Ed Driscoll

A Dangerous Lot: New York City Newspaper Publishers

“New York is an exciting town where something is happening all the time — most of it unsolved,” the late Johnny Carson once quipped — before moving his show 3000 miles away from the crime scene.

Sure, Manhattan looks glamorous when observed from a discreet distance. But danger lurks behind every corner, particularly in the rough-and-tumble world of pacifist liberal journalism. Which is why it’s a good idea to always maintain a discreet distance if you find yourself in the company of New York’s leftwing newspaper publishers. You never know when one might attack you:

A West Village-based newspaper publisher attacked a state senator and a volunteer for mayoral candidate Christine Quinn at an event touting her record, he admitted Monday.

WestView News publisher George Capsis said he slapped State Senator Brad Hoylman and a young man holding a Quinn sign during an 11:30 a.m. rally at the site of the shuttered St. Vincent’s Hospital because he was so angry about the hospital’s closure.

“I have so much pent up anger,” Capsis said after the incident. “If you bring [the volunteer] over here, I’d hit him again.”

“My wife died two days ago. She was at a hospital in the Bronx. I had to travel an hour and a half to get to see her,” Capsis explained, saying his wife Andromache Capsis died of lung cancer at the age of 87. “If this hospital had existed, I could have walked two blocks and spent time with her in the last hours of her life.”

Capsis said he struck Hoylman because he wasn’t listening to him and then attacked the volunteer because he tried to pull Capsis away from the state senator.

“They sent [the volunteer] to take me away, the little pipsqueak,” Capsis said.

And you never know when one might randomly toss out the N-Word:

The executive editor of the nation’s largest alternative newspaper company angered dozens of Arizona journalists Friday night when he used a racial slur during an awards speech.

Michael Lacey, co-owner of Village Voice Media, which publishes a chain of weekly newspapers across the United States including Phoenix New Times, used the slur while accepting an award from the local chapter of the Society of Professional Journalists. Lacey’s reference to an old friend of his, the late Pulitzer Prize winning reporter Tom Fitzpatrick, as “my (n-word),” sparked immediate reaction from those who attended the event. The short, impromptu speech also included some vulgar phrases.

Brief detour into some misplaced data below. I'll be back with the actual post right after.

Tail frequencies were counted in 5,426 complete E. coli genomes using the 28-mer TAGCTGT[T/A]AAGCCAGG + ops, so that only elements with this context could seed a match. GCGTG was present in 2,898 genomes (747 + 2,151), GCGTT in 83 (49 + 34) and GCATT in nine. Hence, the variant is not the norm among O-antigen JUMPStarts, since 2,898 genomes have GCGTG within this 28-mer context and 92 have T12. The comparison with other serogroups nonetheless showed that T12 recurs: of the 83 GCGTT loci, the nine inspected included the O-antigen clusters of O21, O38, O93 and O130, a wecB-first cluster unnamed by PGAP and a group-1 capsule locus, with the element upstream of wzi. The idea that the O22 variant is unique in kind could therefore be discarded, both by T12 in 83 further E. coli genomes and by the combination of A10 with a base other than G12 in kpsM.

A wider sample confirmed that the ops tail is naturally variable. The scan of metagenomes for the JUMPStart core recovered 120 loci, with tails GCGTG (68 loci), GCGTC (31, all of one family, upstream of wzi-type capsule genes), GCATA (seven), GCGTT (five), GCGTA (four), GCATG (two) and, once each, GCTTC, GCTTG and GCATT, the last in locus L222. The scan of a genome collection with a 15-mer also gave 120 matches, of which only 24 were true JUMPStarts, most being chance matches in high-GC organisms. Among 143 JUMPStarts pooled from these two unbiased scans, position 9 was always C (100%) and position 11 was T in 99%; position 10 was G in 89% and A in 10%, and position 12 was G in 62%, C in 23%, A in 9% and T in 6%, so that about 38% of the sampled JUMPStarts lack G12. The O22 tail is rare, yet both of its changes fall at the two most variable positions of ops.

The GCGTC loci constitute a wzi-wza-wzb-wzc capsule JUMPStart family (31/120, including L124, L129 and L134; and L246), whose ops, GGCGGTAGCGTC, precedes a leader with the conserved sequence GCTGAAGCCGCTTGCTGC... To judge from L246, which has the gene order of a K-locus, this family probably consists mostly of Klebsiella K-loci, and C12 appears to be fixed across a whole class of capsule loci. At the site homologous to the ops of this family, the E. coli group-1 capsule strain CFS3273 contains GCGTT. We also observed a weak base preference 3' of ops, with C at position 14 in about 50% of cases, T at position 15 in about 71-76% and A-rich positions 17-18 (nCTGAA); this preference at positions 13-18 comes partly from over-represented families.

Billye Paulson, a black journalist who works for the Tribune, called the speech “offensive” and fired off an angry e-mail to Lacey demanding an apology.

There’s also the risk that publisher could hear “Autumn Leaves” playing in his head and begin randomly waxing nostalgic for how badly his generation had screwed the world:

I’ll start with an apology.

When I graduated from college in 1974, my fellow students and I had just ended the war in Vietnam and ousted President Nixon. Okay, that’s not quite true. Yes, the war did end and yes, Nixon did resign in disgrace – but maybe there were larger forces at play.

Either way, we entered the real world committed to making it a better, safer, cleaner, more equal place. We were determined not to repeat the mistakes of our predecessors. We had seen the horrors and futility of war and smelled the stench of corruption in government.

Our children, we vowed, would never know that.

So, well, sorry. It wasn’t supposed to be this way.

You weren’t supposed to be graduating into an America fighting a misbegotten war in a foreign land.

You weren’t supposed to be graduating into a world where we are still fighting for fundamental human rights, be it the rights of immigrants to start a new life; the rights of gays to marry; or the rights of women to choose.

You weren’t supposed to be graduating into a world where oil still drives policy and environmentalists have to relentlessly fight for every gain.

You weren’t. But you are. And for that I’m sorry.

Though on rare — exceedingly rare — occasion, they do eventually come to their senses: